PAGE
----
138 – The Matrix: Reloaded

If you’ve seen The Matrix (1999), then you’ll appreciate this movie. If you haven’t, you’re going to be lost. There’s a lot in here that depends on the plot of the original. So please, go see the original before seeing this sequel.

The Matrix itself is basically everything you see – the entire planet, the movie says, is controlled by machines. Only a select few know this, and their mission in life is to free the minds of others who are enslaved by the Matrix, leading them to the city of Zion, located about the Earth’s core.

One of the chief rebels is Morpheus, played by Lawrence Fishburne. Morpheus, in the original movie, thinks he’s stumbled upon The One, the person who can save Zion and the rest of humanity from the Matrix. That would be Neo, played by Keanu Reeves.

As the second movie opens, the machines have discovered Zion and are tunnelling to it. It’s only a matter of time before they tunnel through and kill all those inside. But rather than fortify the defenses of the city, Morpheus believes in the prophecy of The One. He defies the orders of the city’s elders and brings Neo back to the surface (that is, the Matrix) so that he can meet with the wise Oracle.

Are you confused yet? There are many themes here, some of which are philosophical and metaphysical in nature. One can view this movie on two fronts: as a gritty action movie or as a thought-provoking drama.

Reloaded is replete with some eye-opening special effects, many of which were computer generated. In one scene, Neo combats the evil Agent Smith. Oh, but not just one Agent Smith – 100 of them at once. It’s not like those cheesy kung fu movies where the villains take turns beating up on Bruce Lee; in this one, they attack simultaneously. Another scene features a fight atop a tractor-trailer on a crowded freeway.

It’s tough to convey all of the complexities of the plot. In fact, this is a movie that people – like the original – will need to watch multiple times just to catch all of the plot twists. What does it all mean? And even more important, what’s it all leading to? This is the second movie of the series, with the third one coming out in November this year.

Rather than delve into the intricacies of the storyline, let me give you some pros and cons. If you’re a fan of the series, you’re going to go no matter what I say, and if you thought the first one was a waste or not for you anyway, you won’t be going to this one.

Let’s look at the acting. It’s wooden. Keanu Reeves was born to play this role, as it requires little to no emoting. Plus, he looks cool in shades and a trenchcoat. I’ll admit it, he looks very good, and in the non-computer-generated fight scenes, he looks somewhat plausible.

His love interest, the mysterious Trinity, is played by Carrie-Anne Moss. Another one who simply cannot act, so she fits right in. Now, this may be a simple matter of personal tastes, but she’s astoundingly unattractive. She’s Neo’s love interest, and yet the two of them have absolutely no chemistry. It’s like watching a totem pole and a mop mate.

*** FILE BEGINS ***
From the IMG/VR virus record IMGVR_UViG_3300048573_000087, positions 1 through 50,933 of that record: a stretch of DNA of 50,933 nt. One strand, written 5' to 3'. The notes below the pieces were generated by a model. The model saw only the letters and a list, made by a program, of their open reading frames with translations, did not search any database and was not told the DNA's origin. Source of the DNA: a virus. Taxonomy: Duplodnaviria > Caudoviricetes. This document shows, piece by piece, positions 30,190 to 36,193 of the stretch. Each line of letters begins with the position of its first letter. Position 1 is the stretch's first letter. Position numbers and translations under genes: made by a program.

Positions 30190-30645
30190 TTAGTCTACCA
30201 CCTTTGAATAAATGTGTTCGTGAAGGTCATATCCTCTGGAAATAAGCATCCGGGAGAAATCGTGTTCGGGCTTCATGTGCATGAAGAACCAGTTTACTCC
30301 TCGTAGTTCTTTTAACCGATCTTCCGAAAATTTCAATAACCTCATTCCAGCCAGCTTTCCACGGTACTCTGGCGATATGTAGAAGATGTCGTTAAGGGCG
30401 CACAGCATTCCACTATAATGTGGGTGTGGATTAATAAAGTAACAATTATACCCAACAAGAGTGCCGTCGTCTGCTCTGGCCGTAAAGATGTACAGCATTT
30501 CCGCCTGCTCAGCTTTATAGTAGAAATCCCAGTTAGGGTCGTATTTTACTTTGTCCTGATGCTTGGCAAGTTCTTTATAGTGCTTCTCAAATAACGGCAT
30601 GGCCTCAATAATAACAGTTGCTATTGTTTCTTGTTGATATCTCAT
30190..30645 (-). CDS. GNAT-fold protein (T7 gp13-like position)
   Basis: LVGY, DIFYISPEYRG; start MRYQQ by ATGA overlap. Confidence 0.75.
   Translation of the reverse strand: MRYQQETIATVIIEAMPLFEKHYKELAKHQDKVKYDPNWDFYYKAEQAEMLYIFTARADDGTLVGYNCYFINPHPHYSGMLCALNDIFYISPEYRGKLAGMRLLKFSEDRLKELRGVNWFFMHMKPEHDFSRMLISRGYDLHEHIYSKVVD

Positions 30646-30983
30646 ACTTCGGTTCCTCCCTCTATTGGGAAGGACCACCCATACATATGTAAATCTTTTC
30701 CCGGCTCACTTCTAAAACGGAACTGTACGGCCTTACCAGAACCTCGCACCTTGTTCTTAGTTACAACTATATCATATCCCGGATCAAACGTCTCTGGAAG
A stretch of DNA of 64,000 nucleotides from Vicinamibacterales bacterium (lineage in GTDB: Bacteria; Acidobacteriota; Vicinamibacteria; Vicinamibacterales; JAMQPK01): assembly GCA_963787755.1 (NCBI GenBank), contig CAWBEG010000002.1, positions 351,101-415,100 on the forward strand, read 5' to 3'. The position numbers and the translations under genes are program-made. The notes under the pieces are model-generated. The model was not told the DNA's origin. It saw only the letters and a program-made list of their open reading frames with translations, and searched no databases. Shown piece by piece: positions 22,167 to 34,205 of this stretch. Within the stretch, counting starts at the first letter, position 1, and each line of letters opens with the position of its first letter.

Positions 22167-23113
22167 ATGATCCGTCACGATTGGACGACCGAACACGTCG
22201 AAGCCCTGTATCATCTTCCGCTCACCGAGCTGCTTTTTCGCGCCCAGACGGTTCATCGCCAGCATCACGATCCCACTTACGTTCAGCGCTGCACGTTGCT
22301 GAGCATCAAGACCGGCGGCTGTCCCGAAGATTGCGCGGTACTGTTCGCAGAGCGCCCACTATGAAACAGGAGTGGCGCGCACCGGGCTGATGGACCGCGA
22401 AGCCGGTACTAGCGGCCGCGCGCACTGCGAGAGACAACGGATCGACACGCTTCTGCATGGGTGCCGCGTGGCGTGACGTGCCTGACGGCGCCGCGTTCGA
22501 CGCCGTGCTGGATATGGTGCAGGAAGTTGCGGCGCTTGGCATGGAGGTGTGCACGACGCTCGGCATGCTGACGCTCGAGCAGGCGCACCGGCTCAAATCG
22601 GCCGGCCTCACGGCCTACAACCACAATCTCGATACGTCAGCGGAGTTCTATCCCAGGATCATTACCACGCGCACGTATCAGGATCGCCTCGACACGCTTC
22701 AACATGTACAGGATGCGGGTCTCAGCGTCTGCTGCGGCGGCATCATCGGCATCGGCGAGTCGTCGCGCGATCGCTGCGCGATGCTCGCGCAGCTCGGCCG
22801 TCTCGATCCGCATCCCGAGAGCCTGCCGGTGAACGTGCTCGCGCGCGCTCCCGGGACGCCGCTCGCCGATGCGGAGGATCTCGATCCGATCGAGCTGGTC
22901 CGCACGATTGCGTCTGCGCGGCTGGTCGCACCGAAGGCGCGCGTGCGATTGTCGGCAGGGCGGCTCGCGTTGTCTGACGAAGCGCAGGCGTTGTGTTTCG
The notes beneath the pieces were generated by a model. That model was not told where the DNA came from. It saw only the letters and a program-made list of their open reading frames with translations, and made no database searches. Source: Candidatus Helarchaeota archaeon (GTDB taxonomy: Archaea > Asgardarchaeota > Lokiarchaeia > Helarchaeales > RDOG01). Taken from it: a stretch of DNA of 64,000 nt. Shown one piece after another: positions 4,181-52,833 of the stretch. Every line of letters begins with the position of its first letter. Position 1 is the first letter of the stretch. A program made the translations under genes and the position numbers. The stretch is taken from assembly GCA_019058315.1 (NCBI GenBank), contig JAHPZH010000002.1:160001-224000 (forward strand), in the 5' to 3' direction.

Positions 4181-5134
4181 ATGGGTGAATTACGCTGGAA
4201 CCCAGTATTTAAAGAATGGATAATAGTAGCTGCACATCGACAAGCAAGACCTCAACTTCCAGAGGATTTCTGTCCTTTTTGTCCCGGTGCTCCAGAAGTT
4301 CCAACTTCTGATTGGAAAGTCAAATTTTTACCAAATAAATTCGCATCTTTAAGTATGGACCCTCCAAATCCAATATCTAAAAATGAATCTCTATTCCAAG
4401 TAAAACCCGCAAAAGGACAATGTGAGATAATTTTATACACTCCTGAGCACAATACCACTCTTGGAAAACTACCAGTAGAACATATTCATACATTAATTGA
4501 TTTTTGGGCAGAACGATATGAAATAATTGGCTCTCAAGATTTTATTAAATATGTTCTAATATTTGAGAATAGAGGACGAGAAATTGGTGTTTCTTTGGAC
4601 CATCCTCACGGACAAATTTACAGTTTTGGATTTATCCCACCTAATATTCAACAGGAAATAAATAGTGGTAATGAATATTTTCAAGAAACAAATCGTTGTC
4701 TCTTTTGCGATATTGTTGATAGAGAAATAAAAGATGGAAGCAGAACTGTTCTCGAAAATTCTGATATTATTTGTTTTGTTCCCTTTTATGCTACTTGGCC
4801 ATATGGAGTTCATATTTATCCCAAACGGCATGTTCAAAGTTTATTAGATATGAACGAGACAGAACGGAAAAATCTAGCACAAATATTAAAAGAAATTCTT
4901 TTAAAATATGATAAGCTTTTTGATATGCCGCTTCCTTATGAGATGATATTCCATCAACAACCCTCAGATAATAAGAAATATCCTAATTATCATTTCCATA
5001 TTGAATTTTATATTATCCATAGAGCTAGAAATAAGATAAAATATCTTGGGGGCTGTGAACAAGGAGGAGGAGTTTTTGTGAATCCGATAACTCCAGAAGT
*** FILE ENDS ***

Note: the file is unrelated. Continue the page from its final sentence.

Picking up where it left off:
Eew.Even Fishburne didn’t come off perfectly. Some of his lines sound like they came off a cereal box top. Sure, that’s no fault of Larry, but his delivery had the resonance of a funeral dirge. He’s a very
commanding figure, though, and he does deliver a solid performance as Morpheus.

Okay, so maybe the acting isn’t wonderful. Who cares, right? You don’t watch these movies for the emoting. Let’s see some tail being kicked!

The action sequences are very good, although not quite as overwhelming as those in the original. There are some additions – Agent Smith can replicate, and Neo can now fly. The flying thing is key, but quite frankly he just looks like Superman with a different color cape. Even so, the sequences themselves are good. The problem is that sometimes they seemed to be thrown into the movie for no real reason other than to have an action scene. Another problem is that these scenes seemed to come right from a Nintendo game. You know, the type where you hit something like up and right and the B button to do a freaky Street Fighter move on someone? Plus several times in each scene, the action is paused so that the audience can get the full effect, since everyone’s moving so quickly.

Another big difference between this movie and the original is that although the original was pretty philosophical itself, it expressed philosophical themes with tangible objects, such as the pills and the spoon. You see? We normal folk can grasp those concepts when the themes are expressed in that manner. But the second film relies more on abstract concepts, and that might lose people who don’t have doctorates in Jungian theories.

The ending is a little bit of a downer, but since we know it’s leading up to the third film, we shouldn’t feel particularly let down. Yes, it’s “to be continued,” but this movie more than stands on its own. Think of it more as an episode.

The Matrix: Reloaded: ***

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